Friday, September 17, 2010

Amsterdam overwhelmed with bicycles

A bicycle can be a thing of beauty, as seen in the above photo from Denmark. And when a society makes bicycling safe and easy, as in Denmark and the Netherlands — countries I recently visited — hordes of folks use bikes.

They are, as more and more Portlanders are discovering, cheap, non-polluting and beneficial to your health.

That’s all to the good. But in Amsterdam, where the bike rules the right of way, I noticed what Amsterdam residents no longer apparently see. Bicycles in vast numbers clutter the otherwise gorgeous city. They are locked in tangled rows along the canals. Many seem abandoned. They litter the sidewalks. They seem to propagate over night in a maze of tubing and spokes.

They say that Amsterdam has one bicycle per resident. Don’t believe it. My unofficial count found that it has at least 10 per resident.

No bicyclist wears a helmet. Children ride on fenders and cross bars. And while pedestrians, bicyclists and motorists manage to mingle gingerly and make way for each other, all are on constant alert for mayhem. Among the jumble of bikes are the unrideable, crippled by tell-tale twisted wheels and bent frames.

A pedestrian trying to cross a major thoroughfare in Amsterdam must first negotiate the busy, red-paved bike lane, then scramble across the motor lane, then the trolley tracks.

That gets you half way across the street, where you may or may not find a safety island.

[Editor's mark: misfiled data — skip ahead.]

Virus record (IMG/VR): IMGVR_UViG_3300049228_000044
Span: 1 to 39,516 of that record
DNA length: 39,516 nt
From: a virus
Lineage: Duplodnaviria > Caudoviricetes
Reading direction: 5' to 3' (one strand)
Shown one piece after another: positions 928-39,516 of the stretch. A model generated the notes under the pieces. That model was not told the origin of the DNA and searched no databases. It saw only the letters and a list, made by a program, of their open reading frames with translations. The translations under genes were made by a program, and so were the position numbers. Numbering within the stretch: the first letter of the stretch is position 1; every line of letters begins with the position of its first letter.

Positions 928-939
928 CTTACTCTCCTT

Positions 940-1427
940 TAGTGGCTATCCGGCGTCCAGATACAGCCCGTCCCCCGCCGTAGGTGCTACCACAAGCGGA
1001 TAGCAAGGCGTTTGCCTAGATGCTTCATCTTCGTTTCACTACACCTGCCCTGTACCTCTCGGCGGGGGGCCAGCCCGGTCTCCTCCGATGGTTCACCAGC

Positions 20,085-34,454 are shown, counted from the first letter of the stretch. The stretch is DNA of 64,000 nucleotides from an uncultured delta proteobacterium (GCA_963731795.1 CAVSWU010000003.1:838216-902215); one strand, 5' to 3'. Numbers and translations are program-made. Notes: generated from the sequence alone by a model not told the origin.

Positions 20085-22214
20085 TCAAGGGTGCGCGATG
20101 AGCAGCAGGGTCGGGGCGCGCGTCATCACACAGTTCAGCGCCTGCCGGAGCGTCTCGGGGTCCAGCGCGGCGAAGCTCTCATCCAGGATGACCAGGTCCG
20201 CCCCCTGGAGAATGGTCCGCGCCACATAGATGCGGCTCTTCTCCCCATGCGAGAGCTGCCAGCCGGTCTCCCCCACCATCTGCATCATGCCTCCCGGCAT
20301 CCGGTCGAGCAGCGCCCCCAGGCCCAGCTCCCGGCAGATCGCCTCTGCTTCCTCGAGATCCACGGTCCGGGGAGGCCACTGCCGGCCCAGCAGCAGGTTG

Then it’s back across the trolley right of way, the motorway, and the bike way until you find yourself on the sidewalk, where you often compete for space with a jumble of parked bikes.

I do believe that Amsterdam has reached and perhaps exceeded some kind of critical mass regarding the bike.

Then again, only a foreigner may notice.

It’s a little like our not seeing the blight of overhead utility wires in our own city. Amsterdam, like the other European cities and towns I visited, has buried them all. Likewise, billboards on highways are out of the question. Obviously the culture cares enough about the public space to protect it from blight — except for when it comes to bicycles.

One other cultural observation worth noting but apropos of I’m not sure what: famously free-wheeling Amsterdam also has made prostitution and pot legal.

Despite its chaotic jumble of bikes, the city thrives on its choices and freedoms.

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